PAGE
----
If the Dancing games weren't enough, here's another fanservice Persona game. New Cinema Labyrinth plays a lot like its predecessor, people who've played the 2014 release of Persona Q: Shadow of the Labyrinth will feel quite at home. However there's still some notable changes and differences between the two games. For one, there is now only a story route from the perspective of the Persona 5 protagonist. The teams and characters from P4 and 5 are back as well, but the protagonists from those games aren't voiceless. Their names can still be chosen by the player, though. The combat has been adjusted to play more like a Persona game. Hitting an enemy's weak spot now inflicts the down status, and downing all enemies allows for an all out attack which is now easier to execute. On the downside just hitting all weakspots and executing said all out attack is rarely enough to wipe out a monster party. New Cinema Labyrinth retains the strong point of coming with a battle system that requires some strategy to competently make it through the dungeons. Aside from no longer triggering all out attacks the game keeps the boost status unchanged. Downing enemies may trigger support from characters outside of the party to help downing enemies that remain standing, and later on can trigger a new feature called Unison Attack. Unison attacks are special attacks in which multiple characters pitch in to deal large damage to enemies. One might think of them as light variants of all out attacks that have a unique animation each.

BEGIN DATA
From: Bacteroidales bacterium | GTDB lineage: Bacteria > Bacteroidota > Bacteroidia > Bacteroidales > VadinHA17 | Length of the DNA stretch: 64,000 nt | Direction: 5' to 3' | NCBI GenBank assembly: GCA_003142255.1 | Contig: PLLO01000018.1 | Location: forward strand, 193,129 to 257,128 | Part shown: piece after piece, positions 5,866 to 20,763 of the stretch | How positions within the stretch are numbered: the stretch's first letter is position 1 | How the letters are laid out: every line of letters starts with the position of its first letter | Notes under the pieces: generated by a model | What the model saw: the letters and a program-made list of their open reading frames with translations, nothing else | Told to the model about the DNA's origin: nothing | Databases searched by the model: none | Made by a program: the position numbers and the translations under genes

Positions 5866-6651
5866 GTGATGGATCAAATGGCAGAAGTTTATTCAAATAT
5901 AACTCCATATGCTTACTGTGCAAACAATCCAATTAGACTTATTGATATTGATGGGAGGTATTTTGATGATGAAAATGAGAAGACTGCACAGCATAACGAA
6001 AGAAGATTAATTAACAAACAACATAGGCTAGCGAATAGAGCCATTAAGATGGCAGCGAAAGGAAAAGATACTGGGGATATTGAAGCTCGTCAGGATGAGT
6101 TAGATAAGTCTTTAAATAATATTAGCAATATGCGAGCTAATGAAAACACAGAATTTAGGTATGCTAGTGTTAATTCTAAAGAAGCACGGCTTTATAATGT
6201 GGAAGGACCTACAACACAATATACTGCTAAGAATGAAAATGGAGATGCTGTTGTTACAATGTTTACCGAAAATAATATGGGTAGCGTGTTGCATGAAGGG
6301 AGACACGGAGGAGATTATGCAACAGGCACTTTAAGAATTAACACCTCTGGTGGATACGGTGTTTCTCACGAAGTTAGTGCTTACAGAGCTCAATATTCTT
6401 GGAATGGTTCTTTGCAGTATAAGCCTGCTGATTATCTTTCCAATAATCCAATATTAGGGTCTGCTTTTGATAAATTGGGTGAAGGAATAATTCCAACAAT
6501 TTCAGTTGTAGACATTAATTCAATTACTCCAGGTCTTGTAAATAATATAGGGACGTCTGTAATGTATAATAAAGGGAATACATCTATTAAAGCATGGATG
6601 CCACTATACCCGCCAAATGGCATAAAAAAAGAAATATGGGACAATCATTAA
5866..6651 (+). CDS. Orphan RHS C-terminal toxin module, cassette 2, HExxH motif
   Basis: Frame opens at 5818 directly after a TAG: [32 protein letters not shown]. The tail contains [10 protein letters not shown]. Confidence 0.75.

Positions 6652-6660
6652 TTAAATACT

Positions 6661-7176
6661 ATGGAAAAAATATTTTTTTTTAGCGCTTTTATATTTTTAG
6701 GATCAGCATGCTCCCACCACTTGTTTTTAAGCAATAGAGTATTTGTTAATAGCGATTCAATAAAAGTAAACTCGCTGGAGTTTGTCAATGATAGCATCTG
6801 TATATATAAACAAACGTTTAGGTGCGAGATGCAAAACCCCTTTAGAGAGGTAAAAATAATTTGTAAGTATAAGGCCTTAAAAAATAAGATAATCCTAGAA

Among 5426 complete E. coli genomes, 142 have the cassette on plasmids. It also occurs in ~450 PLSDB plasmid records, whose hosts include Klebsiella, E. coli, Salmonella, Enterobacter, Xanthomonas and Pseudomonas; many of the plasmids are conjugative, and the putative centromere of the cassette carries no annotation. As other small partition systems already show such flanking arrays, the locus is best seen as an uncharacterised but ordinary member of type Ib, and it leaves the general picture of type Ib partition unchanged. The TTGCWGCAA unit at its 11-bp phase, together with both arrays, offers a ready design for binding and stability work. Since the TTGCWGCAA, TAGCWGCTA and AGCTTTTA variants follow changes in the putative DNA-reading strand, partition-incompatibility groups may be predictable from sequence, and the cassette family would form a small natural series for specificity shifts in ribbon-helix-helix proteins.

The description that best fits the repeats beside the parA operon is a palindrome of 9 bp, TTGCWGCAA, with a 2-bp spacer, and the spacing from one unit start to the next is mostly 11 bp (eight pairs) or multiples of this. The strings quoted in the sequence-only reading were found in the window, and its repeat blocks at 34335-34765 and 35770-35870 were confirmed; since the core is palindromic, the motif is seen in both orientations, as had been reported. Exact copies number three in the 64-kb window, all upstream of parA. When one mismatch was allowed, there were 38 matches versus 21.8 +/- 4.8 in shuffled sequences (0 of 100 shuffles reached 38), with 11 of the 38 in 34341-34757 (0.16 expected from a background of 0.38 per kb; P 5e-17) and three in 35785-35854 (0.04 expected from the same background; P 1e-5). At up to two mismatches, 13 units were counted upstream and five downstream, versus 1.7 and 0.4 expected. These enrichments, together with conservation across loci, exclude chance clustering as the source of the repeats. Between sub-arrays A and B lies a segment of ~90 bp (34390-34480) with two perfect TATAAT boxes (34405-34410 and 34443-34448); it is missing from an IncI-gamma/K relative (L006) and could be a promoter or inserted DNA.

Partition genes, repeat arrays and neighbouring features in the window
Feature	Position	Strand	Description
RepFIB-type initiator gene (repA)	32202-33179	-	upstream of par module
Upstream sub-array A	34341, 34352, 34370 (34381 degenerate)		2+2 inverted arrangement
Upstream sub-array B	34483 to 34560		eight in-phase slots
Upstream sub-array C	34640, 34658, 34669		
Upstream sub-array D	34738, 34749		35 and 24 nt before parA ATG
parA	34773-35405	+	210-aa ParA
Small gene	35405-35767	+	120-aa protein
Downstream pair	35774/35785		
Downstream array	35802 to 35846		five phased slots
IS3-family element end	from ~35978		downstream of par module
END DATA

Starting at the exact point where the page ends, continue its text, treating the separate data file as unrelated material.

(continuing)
Oh no no no no
Some may disagree, but I always preferred the original Kingdom Hearts over its successor. Even at the time before Square-Enix started rereleasing all the games on PS3 and 4 I never managed to beat KHII more than once. In contrast the first game must be one of the games I've played from start to finish the most.
Let me be honest and admit that I was really sceptical of this game. Early footage looked good enough to get me interested in this release, but fans of the franchise grumbled about how they couldn't understand that Sega chose "the worst in the franchise" to bring to the west. Then I read some opinions that made it clear this wasn't the classic JRPG I was expecting and hoping it to be. But I bought and played it anyways and there are no regrets.
making progress, slow but steady.
Completed a side project today.
My program's finally starting to look like a game \o/
It's easy to call this indie gem a mix of Metroidvania and Dark Souls. I'd however say it's really the former with inspiration taken from the latter. For a true mix it's missing the RPG elements used by the Souls games. Hollow Knight has no leveling and no equipment variety. You boost your silent character by collecting power ups, upgrading your main weapon and collecting charms that provide passive benefits. You lose your money upon death and have the ability to reclaim it if you make it back to your place of death, but it's strictly for purchasing stuff like the aforementioned and maps.
You hear people complain about a lack of D-pad on the Nintendo Switch joy-cons all the time. Maybe you're one of them. In any case, there's been enough buzz about it at least in japan that the popular console accessory manufacturer Hori has gone and produced an alternative joy-con that makes traditional games more enjoyable in portable mode.